On the Systemic Importance of Digital Platforms
59 Pages Posted: 2 Apr 2022 Last revised: 3 Oct 2022
Date Written: June 1, 2022
At the dawn of the Great Recession, the bankruptcy of Lehman Brothers shook the economy to its core. With other Wall Street institutions on the brink of insolvency, the financial system slid towards a free fall. Governments around the world responded with more than $11 trillion in emergency bailouts. Financial institutions deemed too-big-to-fail were rescued in the hopes of escaping an economic abyss. In the aftermath of the collapse, Congress acted to address dangerous risks and externalities in the financial sector. With the enactment of the Dodd-Frank Act, Congress codified the logic of “systemic importance” in financial regulation. In essence, if an institution is consequential enough to pose systemic risks to the entire economy, that institution should receive heightened regulatory scrutiny.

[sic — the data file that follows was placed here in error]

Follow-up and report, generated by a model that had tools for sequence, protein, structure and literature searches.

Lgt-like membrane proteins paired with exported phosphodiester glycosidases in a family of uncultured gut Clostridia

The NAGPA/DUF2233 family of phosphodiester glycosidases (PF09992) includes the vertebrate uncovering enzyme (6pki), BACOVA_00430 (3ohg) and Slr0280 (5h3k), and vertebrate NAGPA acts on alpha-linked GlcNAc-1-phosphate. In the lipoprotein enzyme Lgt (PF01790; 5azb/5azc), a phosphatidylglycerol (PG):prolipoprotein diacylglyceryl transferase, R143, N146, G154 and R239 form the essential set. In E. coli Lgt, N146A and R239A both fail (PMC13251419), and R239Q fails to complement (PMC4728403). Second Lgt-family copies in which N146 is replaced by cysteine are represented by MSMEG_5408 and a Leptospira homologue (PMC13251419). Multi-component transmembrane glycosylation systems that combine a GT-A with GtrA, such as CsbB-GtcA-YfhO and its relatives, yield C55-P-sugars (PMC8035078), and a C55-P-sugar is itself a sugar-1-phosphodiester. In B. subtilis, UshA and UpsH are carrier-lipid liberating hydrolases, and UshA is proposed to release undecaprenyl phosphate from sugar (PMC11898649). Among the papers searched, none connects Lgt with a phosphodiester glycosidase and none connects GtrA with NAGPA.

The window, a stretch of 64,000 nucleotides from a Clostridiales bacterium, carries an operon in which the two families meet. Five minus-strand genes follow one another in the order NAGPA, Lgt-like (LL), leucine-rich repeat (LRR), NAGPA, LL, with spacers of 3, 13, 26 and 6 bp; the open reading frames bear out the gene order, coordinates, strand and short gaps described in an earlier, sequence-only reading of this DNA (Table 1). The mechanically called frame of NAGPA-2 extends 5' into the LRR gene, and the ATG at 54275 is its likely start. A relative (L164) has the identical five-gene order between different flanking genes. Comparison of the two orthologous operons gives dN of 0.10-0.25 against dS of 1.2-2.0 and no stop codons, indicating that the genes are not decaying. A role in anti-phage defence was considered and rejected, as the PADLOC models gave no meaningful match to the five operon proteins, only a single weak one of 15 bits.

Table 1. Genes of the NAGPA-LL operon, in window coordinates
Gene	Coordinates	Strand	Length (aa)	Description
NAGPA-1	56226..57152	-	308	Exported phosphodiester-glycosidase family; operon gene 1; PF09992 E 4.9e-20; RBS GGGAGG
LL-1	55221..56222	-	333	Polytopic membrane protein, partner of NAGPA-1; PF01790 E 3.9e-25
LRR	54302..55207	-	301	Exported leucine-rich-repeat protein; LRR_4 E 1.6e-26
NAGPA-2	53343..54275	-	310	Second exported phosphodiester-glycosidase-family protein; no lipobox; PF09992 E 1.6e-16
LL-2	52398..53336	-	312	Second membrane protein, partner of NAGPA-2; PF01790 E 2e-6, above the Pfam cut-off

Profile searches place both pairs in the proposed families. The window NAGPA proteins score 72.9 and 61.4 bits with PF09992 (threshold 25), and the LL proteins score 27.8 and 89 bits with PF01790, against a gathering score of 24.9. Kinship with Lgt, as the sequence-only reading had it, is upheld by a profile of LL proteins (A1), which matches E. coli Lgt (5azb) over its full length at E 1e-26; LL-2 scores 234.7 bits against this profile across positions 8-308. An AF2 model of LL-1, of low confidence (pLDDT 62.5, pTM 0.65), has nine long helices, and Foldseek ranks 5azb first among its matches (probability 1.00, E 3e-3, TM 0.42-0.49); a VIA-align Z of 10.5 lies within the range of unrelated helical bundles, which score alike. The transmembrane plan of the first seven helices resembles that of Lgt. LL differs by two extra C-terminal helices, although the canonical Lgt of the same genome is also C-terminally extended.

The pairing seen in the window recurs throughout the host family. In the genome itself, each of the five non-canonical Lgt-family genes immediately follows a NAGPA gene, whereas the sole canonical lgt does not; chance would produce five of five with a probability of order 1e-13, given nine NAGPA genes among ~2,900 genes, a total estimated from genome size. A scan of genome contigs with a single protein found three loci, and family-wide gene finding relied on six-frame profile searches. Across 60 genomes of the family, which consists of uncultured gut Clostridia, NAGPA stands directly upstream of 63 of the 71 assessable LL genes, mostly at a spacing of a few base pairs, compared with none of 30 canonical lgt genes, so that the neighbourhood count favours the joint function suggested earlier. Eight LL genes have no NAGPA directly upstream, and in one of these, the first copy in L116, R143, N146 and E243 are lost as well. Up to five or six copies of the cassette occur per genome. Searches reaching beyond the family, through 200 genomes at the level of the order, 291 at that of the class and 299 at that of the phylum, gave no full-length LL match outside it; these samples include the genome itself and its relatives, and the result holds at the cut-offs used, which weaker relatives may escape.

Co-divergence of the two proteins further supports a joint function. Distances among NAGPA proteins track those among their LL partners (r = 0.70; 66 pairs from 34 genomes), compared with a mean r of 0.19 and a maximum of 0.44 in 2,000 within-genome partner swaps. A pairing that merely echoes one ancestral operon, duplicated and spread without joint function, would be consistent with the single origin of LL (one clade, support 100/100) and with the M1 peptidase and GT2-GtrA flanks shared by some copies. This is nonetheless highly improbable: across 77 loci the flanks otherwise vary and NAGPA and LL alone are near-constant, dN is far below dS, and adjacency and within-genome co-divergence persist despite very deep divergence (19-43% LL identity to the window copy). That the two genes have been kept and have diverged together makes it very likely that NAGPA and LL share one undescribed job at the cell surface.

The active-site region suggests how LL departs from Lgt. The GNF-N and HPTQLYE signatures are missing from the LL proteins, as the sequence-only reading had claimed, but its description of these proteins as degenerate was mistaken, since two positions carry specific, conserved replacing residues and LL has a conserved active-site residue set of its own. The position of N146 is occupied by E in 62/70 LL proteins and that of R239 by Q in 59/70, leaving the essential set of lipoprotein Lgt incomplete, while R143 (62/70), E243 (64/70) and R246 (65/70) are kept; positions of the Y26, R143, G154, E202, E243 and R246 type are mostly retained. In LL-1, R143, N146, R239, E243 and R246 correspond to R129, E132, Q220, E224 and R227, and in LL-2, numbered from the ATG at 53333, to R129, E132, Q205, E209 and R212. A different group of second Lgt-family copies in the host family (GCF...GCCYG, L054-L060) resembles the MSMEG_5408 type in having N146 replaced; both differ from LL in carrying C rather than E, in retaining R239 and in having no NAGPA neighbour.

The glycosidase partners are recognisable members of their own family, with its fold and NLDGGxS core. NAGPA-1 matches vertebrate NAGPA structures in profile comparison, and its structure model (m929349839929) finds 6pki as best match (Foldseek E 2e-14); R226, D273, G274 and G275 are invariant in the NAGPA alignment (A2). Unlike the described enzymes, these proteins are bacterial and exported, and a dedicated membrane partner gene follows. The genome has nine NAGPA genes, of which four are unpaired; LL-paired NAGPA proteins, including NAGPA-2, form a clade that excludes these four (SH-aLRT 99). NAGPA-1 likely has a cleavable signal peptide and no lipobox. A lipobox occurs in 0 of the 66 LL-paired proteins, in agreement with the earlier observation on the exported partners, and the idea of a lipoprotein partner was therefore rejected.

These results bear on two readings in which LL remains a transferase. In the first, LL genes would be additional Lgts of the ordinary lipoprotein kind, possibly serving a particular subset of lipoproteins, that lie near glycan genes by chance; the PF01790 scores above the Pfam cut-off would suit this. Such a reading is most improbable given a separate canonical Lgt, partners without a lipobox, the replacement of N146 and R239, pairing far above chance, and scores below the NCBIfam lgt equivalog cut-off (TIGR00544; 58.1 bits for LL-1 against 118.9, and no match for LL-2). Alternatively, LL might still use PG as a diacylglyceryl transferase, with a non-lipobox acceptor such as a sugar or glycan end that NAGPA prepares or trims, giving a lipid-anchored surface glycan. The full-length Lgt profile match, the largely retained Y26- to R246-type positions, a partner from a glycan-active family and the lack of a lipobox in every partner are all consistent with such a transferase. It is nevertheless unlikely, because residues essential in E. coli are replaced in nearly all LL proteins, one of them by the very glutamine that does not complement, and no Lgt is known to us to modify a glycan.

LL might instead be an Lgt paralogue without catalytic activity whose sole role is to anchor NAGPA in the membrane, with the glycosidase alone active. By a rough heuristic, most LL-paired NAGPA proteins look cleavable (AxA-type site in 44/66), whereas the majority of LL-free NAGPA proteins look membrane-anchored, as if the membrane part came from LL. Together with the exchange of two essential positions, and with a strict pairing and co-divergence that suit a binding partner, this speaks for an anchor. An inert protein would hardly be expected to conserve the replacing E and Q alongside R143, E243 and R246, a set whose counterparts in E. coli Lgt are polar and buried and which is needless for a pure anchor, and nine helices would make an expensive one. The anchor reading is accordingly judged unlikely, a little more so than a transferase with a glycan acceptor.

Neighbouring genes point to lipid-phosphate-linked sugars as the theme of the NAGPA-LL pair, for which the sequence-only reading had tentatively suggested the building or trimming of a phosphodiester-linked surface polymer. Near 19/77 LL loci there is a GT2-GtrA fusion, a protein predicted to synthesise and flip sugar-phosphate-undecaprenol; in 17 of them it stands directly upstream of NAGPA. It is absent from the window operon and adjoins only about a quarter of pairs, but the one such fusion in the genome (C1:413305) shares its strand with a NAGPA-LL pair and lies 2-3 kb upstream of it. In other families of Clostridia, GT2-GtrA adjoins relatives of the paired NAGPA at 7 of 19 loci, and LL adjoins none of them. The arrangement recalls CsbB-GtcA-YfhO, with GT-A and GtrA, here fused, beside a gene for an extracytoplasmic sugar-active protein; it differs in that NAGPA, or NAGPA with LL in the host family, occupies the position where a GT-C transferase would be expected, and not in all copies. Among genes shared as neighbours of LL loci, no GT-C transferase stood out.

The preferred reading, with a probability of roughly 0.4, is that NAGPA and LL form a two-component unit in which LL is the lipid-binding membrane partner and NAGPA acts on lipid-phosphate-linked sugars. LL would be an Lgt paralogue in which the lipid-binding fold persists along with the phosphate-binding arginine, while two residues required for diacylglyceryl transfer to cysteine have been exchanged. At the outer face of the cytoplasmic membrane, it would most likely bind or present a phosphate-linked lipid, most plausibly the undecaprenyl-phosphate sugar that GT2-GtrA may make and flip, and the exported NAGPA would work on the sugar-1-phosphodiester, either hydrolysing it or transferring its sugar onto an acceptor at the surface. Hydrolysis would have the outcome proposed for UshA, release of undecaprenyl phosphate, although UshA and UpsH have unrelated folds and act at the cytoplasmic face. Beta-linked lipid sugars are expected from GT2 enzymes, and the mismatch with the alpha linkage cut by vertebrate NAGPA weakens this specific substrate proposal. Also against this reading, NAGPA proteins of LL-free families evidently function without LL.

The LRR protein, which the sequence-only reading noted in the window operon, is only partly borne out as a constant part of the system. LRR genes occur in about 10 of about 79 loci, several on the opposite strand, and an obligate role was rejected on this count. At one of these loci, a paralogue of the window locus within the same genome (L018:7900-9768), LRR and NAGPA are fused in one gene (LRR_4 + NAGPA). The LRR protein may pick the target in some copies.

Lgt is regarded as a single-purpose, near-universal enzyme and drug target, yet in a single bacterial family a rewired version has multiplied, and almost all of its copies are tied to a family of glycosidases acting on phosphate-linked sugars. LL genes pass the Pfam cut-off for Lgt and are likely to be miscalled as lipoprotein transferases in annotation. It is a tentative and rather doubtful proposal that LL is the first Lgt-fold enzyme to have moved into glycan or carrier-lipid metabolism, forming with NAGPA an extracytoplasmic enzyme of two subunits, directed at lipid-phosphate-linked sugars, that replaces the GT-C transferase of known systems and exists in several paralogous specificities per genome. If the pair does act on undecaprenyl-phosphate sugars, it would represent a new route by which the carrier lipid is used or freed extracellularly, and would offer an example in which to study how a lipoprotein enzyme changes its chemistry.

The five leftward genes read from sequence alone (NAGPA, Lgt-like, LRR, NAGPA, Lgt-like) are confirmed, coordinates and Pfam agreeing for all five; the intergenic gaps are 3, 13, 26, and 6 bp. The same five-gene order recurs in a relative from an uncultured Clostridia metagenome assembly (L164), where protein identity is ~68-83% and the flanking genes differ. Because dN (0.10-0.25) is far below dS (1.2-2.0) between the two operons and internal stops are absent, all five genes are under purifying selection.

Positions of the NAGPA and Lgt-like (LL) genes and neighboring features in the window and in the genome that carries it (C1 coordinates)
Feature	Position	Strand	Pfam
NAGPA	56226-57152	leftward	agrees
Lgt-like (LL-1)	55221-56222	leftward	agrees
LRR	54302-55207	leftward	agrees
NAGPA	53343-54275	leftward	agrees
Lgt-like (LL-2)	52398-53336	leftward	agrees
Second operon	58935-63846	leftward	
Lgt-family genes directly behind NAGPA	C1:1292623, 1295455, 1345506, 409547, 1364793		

A distinct but parallel set of questions now exists about certain digital platforms. A small number of companies—some governed by dual-class share structures—have immense power over social behavior, human health, and the information ecosystem. Yet, despite the enormous externalities generated by their business models, digital platforms remain virtually unregulated. Our paper addresses two primary questions: First, have some digital platforms attained systemically important status? And, if so, does their systemic importance warrant enhanced regulatory oversight? In addressing those questions, we consider parallels with financial regulation, drawing lessons from the framework for systemically important financial institutions (SIFIs) in the Dodd-Frank era.
Keywords: digital platforms; systemic risk; systemic importance; social media
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